To apply an orthodontics treatment, apart from studying the teeth, we must also look at the rest of the face to evaluate the extent to which the treatment will affect it.
By analysing the face, we can establish the origin of the dental problem and choose the adequate treatment to solve it.
We will fully analyse the face, making a front and side analysis, including the lips and their relationship to the surrounding areas and the teeth; lastly, we will study the tongue and its position in the mouth.
To make this analysis we watch the patient talk in the surgery, sitting in the chair, and study pictures taken of their face and mouth from different angles. This helps us to establish the treatment best suited to each patient. To make the decision, different aesthetic criteria must be taken into account: the patient’s age now and in the future, their facial features, and even the fashion.
We will analyse their face from the front and from the side.
Frontal analysis: Face length
The patient may have a long, medium-long, normal or short face.
A long and narrow face goes by the technical term of being Dolichofacial
This kind of face also has a narrow dental arch; i.e. the part of the mouth inside the lips is narrow. This is independent of the size or width of their smile, which depends on the horizontal length of their lips.
If this kind of patient has a wide labial smile, but a narrow dental arch, their teeth will not completely fill the space when smiling, revealing dark spaces at either side of the mouth. This means that we must widen the tooth arch in such a way that the mouth appears full of teeth when making a broad smile, like in the case of the actress Julia Roberts.
In the United States they favour very wide smiles, full of teeth when looked at from the front. In Europe we tend towards a more “natural” approach, where the smile is somewhat narrower.
In this facial type the muscles are weaker and crowded teeth can be straightened relatively easily.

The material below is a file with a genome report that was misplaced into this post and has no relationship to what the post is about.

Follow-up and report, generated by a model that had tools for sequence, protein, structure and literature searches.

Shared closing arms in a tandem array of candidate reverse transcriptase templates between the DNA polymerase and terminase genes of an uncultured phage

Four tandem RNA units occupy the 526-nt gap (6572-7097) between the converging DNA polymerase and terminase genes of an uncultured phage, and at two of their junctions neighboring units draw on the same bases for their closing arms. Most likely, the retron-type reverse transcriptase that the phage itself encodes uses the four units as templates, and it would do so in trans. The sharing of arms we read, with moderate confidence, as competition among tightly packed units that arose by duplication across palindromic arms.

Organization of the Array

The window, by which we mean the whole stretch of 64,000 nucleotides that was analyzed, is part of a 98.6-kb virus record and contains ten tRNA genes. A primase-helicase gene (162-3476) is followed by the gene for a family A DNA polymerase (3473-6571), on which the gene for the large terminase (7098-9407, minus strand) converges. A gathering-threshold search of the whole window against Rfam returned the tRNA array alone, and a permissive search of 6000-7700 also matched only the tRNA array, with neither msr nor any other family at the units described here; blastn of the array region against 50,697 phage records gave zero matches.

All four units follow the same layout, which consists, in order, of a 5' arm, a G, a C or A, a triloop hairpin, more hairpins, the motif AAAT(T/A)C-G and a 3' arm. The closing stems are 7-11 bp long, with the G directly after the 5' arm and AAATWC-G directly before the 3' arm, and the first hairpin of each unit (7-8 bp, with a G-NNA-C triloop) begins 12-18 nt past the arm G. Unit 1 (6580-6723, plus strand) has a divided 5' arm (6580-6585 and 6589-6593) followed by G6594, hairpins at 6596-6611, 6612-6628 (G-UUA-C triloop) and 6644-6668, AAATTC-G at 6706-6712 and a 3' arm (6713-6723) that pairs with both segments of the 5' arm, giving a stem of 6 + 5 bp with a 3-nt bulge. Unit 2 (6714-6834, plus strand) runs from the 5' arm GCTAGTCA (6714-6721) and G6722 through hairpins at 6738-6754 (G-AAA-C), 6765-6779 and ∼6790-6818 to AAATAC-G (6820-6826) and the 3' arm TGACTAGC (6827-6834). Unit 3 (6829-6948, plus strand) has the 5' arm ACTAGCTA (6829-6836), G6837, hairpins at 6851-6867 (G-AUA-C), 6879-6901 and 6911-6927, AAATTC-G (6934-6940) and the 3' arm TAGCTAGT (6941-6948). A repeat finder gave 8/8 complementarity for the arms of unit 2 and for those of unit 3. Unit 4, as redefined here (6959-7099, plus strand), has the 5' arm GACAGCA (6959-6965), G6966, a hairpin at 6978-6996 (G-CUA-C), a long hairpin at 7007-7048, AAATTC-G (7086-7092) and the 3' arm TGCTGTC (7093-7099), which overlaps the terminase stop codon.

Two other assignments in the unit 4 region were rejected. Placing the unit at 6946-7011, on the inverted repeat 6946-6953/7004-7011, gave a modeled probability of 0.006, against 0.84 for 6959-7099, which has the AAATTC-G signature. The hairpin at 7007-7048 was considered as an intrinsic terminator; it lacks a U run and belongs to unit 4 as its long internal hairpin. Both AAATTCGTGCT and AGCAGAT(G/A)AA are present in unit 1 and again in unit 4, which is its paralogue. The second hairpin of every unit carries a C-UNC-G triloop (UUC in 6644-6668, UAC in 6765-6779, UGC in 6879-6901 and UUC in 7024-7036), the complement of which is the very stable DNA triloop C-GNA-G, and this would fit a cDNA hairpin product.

However, if the teeth are very crowded due to a narrow arch with no space for all of them, sometimes one or several teeth must be extracted. The advantage of these weaker muscles is that the spaces left by the extractions close easily and the other teeth come into line quite quickly.
If the teeth are crowded but we do not make the required extractions, on bringing the front teeth into line they will open like a fan, making it impossible to bite properly. This is what we call an anterior open bite.
Medium length, “normal” or Mesofacial face
These patients have normal length faces, and their muscles are neither too tight nor too weak, meaning that they neither interfere with nor favour tooth alignment.
The treatment type and its duration will depend on the extent to which the teeth are crowded, as well as on their position in the jaw bone. The osseous relationship between the upper and lower jawbone is also a factor.
Short and square or Brachyfacial face
These patients have very strong facial muscles, making it more difficult to move their teeth.
All teeth are in a specific initial position, in all kinds of face, because the neuromuscular balance has pushed them into that position. Of course the size of the teeth and jawbones also have an influence, as does the relationship between the upper and lower jaw.
If we want to change the position of the teeth, we will have to ‘fight’ with the muscles which have pulled them into that position.
Treatment is more difficult in the case of strong muscles, particularly with respect to keeping the new positions in place over time.
In patients with a short face and strong muscles, the tendency is not to extract teeth, because the spaces take longer to close. They have the advantage that the teeth are always in occlusion, i.e. their top and bottom teeth are in contact with one another. There is no risk of an open bite.
Side or profile analysis
- The profile is straight when a straight line runs from the point of the nose, to the upper edge of the lips and the forward edge of the jaw.
- If the lips are in front of the line running from the point of the nose to the chin, the profile is convex.